“They forget that there’s real people behind those letters they are writing,” she said. “We are real community members, we have kids or have known kids who have gone to those schools, so we have a vested interest in this process and they don’t know what goes on behind the scene and it’s unfortunate they want to pick on us because they want their babysitters back.”

Masadas suggested parents wanted their free time for other reasons.

“My brother had a delivery service for medical marijuana. The high clientele were the parents with their kids at school. When you have your kids at home, no more (inaudible),” Masadas said, clasping his hands on his forehead as others chuckled in the background.

Most of the parents lighting up social media didn’t think the discussion was so funny, however.

“Wow! This is just absurd!” Chantell Hergenroether, an Oakley mother of two students, said in a social media post. “They imply parents, trying to reinvent their lives during this pandemic and trying to keep jobs are just missing babysitters. This is appalling. There needs to be accountability to the highest degree. Resign.”

“My first-graders know when to mute themselves during Zoom class and they can’t realize they’re public?” said another mom in an Oakley Facebook group page.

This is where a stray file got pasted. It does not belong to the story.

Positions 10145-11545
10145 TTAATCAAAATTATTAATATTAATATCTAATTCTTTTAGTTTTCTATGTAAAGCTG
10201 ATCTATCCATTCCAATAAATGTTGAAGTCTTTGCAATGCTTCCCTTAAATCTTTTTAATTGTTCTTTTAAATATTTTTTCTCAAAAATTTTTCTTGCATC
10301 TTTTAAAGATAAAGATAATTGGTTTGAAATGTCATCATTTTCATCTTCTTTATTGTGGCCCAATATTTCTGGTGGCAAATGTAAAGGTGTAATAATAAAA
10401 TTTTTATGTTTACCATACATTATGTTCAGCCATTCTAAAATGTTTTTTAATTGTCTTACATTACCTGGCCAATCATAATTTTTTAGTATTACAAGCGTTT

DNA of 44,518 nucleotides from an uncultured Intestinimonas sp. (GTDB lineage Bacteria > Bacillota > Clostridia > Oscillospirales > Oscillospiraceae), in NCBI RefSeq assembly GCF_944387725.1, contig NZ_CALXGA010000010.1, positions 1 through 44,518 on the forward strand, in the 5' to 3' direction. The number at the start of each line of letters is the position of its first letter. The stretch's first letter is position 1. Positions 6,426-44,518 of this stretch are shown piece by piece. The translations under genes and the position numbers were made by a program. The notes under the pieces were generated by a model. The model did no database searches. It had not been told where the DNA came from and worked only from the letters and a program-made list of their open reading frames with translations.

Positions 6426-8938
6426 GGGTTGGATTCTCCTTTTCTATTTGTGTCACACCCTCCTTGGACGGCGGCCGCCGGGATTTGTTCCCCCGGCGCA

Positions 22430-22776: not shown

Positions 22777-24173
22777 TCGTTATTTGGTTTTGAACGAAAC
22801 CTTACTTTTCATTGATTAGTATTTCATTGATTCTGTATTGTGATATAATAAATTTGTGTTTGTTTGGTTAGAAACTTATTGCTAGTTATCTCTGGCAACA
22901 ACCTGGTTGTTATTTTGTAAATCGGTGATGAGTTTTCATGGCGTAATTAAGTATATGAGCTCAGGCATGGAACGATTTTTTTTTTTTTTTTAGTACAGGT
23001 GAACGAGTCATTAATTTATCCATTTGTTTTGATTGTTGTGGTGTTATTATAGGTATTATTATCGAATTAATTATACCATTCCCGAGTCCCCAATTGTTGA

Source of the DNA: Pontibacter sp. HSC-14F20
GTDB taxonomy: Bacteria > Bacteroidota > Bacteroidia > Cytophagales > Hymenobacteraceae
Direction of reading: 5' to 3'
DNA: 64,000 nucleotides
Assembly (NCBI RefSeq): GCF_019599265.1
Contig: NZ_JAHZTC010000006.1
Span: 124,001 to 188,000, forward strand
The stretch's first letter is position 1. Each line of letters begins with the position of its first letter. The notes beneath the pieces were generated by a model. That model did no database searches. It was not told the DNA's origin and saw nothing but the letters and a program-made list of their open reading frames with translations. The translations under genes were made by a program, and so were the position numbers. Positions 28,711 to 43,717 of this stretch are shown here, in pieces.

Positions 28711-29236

“It’s sickening,” Andrea, who didn’t want her last name used, wrote in an email to Bay Area News Group. “School boards across the state of California are depriving children of in-person education and they speak like this when they think no one is watching. Parents just want kids back to school so they can have a babysitter and so they can smoke pot at home? Truly sickening these people have the amount of power they have as they continue ruining the mental, educational and social health of millions of kids across the state.”

“Having a position on the board is a privilege,” Kelly Hubbard wrote on the online petition. “Making decisions for our children used to be an honorable position to hold. These members have clearly lost sight of their role behind the comfort of their own keyboards. If I were a parent in this district I would not stop until they all resign.”

“There is no excuse for their behavior,” Melissa Serpa wrote in an email to this news organization. “They chose to say the remarks they made. They chose to be open about their opinions and biases, which hinder their decision-making abilities.”

But one parent said in an email that although the trustees’ remarks were “uncalled for,” their resignation was not a good idea since the school year is nearly over.

“We all complain about transparency well there you have it…..the truth,” she wrote. “…Instead of everyone being against each other, can’t we come together as one and give these kids the best few months of their lives?”

Others on social media criticized Superintendent Hetrick for not speaking up and for suggesting that the board implement a new system that would require residents to call their comments into a recording that cuts them off at three minutes rather than allowing them to call in live.

Hetrick said in an email Thursday he is “committed to working together for the betterment of the Oakley Union Elementary School District students, staff and entire school community.”

“I know that our students deserve better from us,” he wrote. “I pledge to work collaboratively with stakeholders and community members to begin doing the important work that is needed to rebuild community trust in our district.”